Anaerobic digestion of horse manure renewable energy and plant nutrients in a systems perspective

University dissertation from Gävle : Gävle University Press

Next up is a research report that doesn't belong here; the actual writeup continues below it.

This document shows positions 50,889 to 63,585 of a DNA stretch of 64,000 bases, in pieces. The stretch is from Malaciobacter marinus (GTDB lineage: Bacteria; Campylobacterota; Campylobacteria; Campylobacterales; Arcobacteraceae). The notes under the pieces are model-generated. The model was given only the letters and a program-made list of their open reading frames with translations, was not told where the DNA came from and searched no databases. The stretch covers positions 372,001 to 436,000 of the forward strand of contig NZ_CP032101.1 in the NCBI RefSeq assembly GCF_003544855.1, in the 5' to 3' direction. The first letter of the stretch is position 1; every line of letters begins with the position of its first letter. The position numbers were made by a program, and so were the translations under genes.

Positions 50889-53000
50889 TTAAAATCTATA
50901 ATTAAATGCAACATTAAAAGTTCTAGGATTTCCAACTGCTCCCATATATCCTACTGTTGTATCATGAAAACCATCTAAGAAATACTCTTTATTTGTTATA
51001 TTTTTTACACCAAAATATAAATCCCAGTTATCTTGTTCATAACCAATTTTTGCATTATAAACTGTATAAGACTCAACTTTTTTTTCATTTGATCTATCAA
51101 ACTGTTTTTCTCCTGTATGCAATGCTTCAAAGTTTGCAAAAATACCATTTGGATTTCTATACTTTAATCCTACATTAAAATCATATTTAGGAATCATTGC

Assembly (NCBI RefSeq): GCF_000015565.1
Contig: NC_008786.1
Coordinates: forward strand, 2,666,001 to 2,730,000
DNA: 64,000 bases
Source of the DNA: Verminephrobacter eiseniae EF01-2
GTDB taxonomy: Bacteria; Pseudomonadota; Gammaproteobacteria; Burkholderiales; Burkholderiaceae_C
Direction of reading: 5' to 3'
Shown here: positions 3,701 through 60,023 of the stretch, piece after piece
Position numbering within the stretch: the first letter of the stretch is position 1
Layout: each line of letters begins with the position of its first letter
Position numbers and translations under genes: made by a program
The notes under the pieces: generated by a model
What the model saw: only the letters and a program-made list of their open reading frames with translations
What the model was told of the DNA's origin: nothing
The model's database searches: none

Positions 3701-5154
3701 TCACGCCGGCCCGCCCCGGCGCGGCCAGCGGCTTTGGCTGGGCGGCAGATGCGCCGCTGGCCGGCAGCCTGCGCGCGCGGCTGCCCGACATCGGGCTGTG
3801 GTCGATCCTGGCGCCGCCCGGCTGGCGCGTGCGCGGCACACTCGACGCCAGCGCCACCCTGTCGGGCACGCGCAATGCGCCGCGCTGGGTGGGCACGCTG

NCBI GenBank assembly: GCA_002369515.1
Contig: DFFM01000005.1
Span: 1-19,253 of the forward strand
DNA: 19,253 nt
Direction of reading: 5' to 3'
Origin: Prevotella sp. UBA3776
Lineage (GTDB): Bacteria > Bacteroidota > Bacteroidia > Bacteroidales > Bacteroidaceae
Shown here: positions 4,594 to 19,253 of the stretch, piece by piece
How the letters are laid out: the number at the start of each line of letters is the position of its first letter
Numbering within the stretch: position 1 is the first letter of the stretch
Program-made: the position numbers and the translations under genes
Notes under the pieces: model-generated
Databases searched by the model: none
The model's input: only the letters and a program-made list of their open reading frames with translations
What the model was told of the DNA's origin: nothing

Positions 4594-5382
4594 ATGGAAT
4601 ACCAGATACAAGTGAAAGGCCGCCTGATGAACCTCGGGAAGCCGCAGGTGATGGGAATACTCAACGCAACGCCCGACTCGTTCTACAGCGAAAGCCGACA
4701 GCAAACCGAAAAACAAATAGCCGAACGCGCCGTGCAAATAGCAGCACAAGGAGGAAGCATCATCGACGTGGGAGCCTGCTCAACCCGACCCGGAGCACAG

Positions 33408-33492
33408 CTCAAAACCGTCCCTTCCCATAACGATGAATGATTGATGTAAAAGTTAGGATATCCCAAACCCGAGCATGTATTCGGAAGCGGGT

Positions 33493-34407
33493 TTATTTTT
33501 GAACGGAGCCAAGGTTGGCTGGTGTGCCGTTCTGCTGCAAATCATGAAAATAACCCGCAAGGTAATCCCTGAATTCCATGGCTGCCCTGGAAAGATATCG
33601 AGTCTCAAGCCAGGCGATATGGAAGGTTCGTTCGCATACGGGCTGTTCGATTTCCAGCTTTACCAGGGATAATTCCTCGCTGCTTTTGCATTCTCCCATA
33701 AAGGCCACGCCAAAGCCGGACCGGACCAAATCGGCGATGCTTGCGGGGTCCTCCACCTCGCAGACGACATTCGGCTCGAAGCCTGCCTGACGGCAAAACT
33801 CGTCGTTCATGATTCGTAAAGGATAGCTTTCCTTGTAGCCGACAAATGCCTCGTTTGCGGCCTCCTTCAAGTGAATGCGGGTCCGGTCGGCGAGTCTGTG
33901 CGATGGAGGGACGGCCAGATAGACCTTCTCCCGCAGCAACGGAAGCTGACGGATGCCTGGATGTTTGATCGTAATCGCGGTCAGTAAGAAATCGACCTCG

Abstract: In horse keeping horse manure is produced, which can be utilized as a fertilizer or considered a waste. Horse manure constitutes a resource in terms of both plant nutrients and energy. In addition energy policies and objectives aim at replacing fossil fuels with renewable energy sources. The interest to improve resource recovery of horse manure increases due various incentives for renewable vehicle fuels, legal requirements on management of manure, and environmental impact from current horse manure management.This thesis aims at describing horse manure management in a life cycle perspective. This is made by (1) identifying factors in horse keeping affect­ing the possibility to use horse manure as a biogas feedstock and to recycle plant nutrients, (2) analysing factors in anaerobic digestion with influence on methane potential and biofertilizer nutrient content and (3) comparing the environmental impact from different horse manure treatment methods. Literature reviews, systematic combining, and simulations have been used as research methods.The results show that horse keeping activities such as feeding, indoor keeping, outdoor keeping and manure storage affect the amount and charac­teristics of horse manure and thereby also the possibilities for anaerobic digestion horse manure. Transport affects the collected amount and spread­ing affects loss of nutrients and nutrient recycling. Simulation results in­dicate the highest methane yield and energy balance from paper bedding, while straw and peat gave a higher nutrient content of the biofertilizer. The highest methane yield was achieved with a low rate of bedding, which in the cases of woodchips and paper is also preferable for plant nutrient recycling. Still, results indicate the best energy balance from anaerobic digestion with a high ratio of bedding. The environmental impact assessment indicates a reduction in global warming potential for anaerobic digestion compared to incineration or composting.

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